Far be it from me to fly in the face of 21,000+ Amazon reviewers who gave it enough rave reviews that it has 4.5 out of 5 stars. BUT, I rather hoped the book would be deeper, more exciting than the mini-series, and it just wasn't. The series was more faithful to the book than I imagined it would be, but it certainly wasn't richer. Jamie Fraser on the page just doesn't have the appeal of Sam Heughan on the screen. Claire is surly, not spirited. Even Dougal, one of my favorite characters, is a bit ho-hum.

The fighting and the sex scenes go on forever (not something I usually mind). They are both best described as Tab A goes into Slot B. I didn't object to the whippings and beatings as many reviewers did (and which by and large didn't seem to make the leap from book to screen); I found them B-O-R-I-N-G. To be fair, Outlander was written over twenty years ago (1991), and it pretty much follows the conventions of time travel romance written at that time. It might even have been one of the first of the romance novels to feature explicit sex. I probably would have found it more fascinating in 1991, but I'm a different reader now.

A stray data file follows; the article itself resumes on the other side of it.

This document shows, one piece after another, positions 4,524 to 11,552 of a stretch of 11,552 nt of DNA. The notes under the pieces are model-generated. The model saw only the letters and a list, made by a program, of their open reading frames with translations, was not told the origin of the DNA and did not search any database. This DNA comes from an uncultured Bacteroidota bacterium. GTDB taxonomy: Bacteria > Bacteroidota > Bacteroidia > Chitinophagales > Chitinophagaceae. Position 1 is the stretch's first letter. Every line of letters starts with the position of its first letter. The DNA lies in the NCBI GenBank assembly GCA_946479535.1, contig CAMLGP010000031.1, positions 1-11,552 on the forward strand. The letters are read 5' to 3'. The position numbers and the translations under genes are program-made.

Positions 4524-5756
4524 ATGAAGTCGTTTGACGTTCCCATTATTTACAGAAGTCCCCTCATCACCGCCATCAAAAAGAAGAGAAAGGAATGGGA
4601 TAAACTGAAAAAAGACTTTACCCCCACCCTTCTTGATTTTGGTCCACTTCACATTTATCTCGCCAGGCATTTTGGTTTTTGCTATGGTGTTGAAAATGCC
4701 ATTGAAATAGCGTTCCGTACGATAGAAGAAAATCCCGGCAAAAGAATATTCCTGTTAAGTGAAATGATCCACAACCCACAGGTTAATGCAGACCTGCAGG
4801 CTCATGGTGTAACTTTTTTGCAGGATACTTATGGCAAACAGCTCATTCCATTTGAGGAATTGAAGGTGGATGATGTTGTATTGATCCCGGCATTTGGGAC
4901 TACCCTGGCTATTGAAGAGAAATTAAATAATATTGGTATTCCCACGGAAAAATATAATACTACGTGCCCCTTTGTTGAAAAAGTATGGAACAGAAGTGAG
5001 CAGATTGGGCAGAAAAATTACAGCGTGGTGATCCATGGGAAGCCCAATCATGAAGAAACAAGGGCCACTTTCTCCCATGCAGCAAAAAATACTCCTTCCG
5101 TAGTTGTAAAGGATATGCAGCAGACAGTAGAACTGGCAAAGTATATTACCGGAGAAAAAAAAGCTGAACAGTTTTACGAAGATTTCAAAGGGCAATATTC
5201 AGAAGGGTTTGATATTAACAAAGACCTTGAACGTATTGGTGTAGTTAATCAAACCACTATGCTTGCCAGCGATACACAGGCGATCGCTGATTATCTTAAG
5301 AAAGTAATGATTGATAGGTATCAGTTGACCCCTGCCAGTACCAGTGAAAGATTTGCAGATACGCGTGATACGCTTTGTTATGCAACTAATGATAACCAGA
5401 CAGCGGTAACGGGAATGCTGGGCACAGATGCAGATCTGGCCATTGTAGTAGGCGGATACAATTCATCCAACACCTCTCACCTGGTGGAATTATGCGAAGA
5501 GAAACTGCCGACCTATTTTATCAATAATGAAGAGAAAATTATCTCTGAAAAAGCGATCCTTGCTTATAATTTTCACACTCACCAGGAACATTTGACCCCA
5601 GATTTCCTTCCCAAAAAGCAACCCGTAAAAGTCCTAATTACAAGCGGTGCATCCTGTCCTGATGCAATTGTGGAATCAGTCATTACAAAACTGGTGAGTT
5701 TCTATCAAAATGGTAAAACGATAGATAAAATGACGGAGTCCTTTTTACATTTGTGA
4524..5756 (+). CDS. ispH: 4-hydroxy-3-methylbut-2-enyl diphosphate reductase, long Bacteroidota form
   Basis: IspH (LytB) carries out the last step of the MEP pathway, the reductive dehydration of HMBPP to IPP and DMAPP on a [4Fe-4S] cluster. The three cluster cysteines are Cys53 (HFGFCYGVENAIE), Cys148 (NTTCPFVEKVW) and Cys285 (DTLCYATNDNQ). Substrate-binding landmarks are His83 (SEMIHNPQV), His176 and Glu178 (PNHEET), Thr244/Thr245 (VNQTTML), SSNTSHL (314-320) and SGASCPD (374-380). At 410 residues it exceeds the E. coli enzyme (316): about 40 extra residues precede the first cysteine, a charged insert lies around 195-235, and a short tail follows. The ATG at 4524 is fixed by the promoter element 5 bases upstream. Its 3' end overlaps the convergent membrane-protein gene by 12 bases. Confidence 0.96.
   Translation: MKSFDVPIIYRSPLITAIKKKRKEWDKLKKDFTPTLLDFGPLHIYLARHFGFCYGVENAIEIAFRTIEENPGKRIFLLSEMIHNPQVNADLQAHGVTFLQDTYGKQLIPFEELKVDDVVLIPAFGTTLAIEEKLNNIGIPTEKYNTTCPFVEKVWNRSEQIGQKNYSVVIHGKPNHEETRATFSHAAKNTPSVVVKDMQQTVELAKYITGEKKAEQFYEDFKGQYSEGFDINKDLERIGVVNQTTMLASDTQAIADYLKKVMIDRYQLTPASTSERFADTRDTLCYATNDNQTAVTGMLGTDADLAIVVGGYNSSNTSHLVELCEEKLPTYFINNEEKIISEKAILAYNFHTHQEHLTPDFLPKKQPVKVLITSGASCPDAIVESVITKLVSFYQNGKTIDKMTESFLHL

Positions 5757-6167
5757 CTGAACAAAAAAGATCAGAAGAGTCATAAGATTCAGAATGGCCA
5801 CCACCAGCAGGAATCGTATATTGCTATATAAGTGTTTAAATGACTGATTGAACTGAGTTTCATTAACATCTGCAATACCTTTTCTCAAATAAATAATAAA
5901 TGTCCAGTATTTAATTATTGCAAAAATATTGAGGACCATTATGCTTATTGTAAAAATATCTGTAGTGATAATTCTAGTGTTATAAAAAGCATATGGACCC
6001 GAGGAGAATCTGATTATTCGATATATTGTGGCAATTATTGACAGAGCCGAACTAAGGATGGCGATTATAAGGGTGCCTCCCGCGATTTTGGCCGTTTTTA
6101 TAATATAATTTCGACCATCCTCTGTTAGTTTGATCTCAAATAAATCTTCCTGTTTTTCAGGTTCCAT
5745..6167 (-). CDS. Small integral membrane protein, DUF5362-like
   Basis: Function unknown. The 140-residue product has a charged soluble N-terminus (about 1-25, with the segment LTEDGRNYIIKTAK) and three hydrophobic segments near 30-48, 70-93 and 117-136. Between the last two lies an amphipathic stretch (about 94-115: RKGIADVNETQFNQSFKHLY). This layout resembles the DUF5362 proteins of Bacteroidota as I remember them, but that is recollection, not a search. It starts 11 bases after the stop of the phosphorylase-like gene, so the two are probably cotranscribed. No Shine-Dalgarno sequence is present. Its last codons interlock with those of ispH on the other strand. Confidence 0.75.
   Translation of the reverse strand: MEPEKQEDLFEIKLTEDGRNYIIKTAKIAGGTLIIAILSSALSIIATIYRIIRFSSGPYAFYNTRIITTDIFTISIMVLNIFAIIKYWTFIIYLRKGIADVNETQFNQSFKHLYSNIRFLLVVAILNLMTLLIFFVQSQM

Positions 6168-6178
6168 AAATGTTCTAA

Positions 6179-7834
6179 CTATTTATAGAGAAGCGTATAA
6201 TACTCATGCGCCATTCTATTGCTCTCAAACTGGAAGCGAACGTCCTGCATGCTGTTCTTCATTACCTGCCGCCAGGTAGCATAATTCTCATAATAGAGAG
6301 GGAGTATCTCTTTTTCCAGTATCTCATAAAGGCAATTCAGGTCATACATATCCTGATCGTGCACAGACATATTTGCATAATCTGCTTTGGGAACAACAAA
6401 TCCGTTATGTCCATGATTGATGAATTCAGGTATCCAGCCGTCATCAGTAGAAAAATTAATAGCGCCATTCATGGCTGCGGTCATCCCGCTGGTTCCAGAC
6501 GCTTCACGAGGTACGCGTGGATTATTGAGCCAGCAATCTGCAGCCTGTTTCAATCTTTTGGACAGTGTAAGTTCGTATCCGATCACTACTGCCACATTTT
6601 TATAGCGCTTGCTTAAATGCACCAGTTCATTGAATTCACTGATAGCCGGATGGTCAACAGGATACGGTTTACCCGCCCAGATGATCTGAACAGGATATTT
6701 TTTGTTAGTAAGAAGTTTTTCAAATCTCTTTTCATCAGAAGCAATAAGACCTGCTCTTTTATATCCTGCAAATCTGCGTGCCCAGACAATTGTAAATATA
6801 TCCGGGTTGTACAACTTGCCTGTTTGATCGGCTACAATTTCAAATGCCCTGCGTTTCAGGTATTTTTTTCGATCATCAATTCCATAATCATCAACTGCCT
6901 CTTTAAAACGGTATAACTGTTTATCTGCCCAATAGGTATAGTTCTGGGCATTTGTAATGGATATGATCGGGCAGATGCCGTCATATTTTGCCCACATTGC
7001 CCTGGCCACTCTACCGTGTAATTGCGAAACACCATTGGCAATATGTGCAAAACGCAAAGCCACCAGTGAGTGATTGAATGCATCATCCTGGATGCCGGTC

So, since I don't seem to be missing a whole heck of a lot by watching the more enjoyable mini-series, I won't be reading any more of the books.